A new DNA study published Thursday sheds fresh light on the horrors of the transatlantic slave trade, from the legacy of rape that can be seen in today's genetics to how disease likely decimated some groups forced to work in deadly conditions.
For example, DNA from one African region may be under-represented in the US because so many slaves from there died of malaria on American plantations.
The grim results from a paper, which appeared in the American Journal of Human Genetics, compiled genetic data from 50,000 consenting research participants from both sides of the Atlantic.
It cross-referenced these with detailed records from slave ships that transported 12.5 million men, women and children between 1515 and 1865. Some 2 million died on the journey.
"We wanted to compare our genetic results to those actual shipping manifest to see how they agreed and how they disagreed," Steven Micheletti, a population geneticist at 23andMe, which recruited most of the participants, told AFP.
"And in some cases, we see that they disagree, quite strikingly," he added.
The researchers found that while the genetic contributions from major African populations largely correspond to what they expected based on historic records, there are major exceptions.
For instance, most Americans of African descent have roots in Angola and the Democratic Republic of the Congo, in line with the major slave route.
But Nigerian ancestry was over-represented in African Americans in the US, probably because of the intra-continental slave trade which brought them from the Caribbean.
By contrast, there were fewer genetic connections between African Americans and the Senegambia region than would be expected given the number who disembarked on slave ships in North America.
The probable reasons are grim.
"Because Senegambians were commonly rice cultivators in Africa, they were often transported to rice plantations in the US," said Micheletti.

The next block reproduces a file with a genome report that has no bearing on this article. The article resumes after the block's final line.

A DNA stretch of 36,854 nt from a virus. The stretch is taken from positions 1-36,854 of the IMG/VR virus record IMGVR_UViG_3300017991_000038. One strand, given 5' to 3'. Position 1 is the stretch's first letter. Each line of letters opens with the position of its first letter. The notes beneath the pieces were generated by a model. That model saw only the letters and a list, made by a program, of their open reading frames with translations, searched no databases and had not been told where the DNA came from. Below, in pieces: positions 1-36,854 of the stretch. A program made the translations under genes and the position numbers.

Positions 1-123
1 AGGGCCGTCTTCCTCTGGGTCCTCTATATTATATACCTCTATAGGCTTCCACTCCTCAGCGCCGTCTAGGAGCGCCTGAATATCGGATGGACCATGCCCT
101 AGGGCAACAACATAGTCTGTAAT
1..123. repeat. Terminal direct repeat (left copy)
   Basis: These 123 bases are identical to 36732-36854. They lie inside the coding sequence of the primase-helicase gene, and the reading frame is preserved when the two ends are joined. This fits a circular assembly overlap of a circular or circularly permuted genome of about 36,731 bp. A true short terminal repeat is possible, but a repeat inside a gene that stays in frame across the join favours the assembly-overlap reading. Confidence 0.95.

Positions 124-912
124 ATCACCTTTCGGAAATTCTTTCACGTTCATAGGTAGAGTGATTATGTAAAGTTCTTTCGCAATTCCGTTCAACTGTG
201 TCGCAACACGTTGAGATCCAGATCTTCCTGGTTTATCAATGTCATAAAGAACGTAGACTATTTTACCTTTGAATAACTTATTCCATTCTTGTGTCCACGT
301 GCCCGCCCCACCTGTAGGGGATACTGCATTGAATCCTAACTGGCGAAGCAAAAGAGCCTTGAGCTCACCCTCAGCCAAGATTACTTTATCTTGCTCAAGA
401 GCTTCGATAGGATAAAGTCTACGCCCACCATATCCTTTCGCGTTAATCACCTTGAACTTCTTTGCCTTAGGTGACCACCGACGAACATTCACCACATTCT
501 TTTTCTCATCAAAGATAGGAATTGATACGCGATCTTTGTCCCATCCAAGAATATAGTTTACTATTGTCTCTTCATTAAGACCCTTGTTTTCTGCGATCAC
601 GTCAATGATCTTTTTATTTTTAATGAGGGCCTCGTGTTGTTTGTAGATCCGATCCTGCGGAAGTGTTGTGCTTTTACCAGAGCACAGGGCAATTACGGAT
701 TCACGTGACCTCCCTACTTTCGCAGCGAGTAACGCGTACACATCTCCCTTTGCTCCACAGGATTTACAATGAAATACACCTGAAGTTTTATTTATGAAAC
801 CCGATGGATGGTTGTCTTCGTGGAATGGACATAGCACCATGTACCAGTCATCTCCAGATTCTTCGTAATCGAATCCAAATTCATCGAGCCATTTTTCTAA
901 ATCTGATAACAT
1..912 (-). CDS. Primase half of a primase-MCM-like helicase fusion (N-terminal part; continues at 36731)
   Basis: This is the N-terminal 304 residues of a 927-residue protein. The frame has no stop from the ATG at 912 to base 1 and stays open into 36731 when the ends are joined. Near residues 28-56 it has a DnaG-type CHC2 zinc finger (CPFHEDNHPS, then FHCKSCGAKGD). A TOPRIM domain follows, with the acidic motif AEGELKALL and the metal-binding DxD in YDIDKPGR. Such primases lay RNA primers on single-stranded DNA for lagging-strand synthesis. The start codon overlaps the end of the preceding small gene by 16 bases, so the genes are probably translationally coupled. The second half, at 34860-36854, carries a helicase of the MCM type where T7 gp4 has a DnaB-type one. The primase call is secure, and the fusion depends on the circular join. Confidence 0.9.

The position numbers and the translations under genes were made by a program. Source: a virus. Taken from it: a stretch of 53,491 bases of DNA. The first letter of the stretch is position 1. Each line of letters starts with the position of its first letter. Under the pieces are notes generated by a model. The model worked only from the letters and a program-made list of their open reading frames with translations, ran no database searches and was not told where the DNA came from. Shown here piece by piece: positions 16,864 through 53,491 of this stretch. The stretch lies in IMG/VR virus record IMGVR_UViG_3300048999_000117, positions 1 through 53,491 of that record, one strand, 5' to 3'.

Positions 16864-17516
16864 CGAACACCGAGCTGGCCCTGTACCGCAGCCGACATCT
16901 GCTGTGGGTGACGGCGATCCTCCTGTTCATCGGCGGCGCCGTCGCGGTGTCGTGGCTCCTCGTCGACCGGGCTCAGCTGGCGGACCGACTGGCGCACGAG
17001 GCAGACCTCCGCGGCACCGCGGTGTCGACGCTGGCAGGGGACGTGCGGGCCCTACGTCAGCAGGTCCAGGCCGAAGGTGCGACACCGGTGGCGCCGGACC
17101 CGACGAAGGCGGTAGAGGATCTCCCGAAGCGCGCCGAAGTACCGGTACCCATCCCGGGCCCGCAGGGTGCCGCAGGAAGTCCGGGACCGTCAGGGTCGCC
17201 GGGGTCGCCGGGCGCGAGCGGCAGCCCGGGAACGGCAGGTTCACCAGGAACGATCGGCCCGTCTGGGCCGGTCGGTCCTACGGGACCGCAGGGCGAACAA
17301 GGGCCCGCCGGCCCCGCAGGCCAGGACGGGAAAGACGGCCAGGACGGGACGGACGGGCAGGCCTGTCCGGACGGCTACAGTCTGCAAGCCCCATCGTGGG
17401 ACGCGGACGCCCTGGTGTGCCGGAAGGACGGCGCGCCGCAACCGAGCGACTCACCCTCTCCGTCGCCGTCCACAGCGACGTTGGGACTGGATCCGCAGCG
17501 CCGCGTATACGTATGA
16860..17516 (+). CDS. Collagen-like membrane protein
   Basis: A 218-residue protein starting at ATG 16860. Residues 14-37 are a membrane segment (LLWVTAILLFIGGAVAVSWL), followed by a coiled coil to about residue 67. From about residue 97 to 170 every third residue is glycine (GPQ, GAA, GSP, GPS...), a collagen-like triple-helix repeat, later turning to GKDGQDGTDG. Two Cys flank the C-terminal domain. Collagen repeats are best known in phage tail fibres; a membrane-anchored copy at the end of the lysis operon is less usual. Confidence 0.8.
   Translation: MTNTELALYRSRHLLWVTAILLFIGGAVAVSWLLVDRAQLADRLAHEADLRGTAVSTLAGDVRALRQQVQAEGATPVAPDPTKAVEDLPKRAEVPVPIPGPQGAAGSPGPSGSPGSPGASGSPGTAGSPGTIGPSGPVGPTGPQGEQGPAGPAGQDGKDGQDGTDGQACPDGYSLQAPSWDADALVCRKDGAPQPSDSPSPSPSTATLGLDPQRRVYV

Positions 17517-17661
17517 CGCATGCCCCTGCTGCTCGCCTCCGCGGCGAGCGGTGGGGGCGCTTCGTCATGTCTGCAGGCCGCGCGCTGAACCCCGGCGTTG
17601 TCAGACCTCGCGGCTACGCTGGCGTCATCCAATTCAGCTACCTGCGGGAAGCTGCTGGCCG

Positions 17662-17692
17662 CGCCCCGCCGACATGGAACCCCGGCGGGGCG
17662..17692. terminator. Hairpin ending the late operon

"These plantations were often rampant with malaria and had high mortality rates, which may have led to the reduced genetic representation of Senegambia in African Americans today."
Government and slave-owner practices had an enormous impact on African genetics too.
Despite the fact that more than 60 percent of enslaved people brought to the Americas were men, comparisons of genetics reveal a strong bias toward African female contributions in the modern gene pool of African heritage people across the region.
Much of this can be attributed to the rape of enslaved African women by white men, and other forms of sexual exploitation, like the promise of freedom if they birthed enough children.
But the imbalance is even more pronounced in Latin America, where 70 percent of the slaves who survived the ship voyages disembarked, compared to the United States, the new study showed.
In the US, slave-owners promoted marriages among slaves to ensure their children would form the next generation of the forced labor pool.
In countries like Brazil and Cuba, though, the governments implemented immigration policies in the 1900s, which involved women with African ancestry marrying whites.
These whitening or "branqueamento" policies were meant to cleanse or purify Black people toward a supposed ideal of whiteness.
"We have some regions that are essentially showing 17 African females reproducing for every one African male. We never expected the ratio to be that high," said Micheletti.
In the British-colonized Americas, the ratio is closer to 1.5 or two African women for every African man contributing to the gene pool.
The researchers also found evidence of frequent mixing between enslaved indigenous people with enslaved Africans in Latin America, something which previous work has shown to be the case in the US.
The researchers said they hoped to not only help people of African descent find their roots, but also to understand the historic experiences that had shaped their genes today.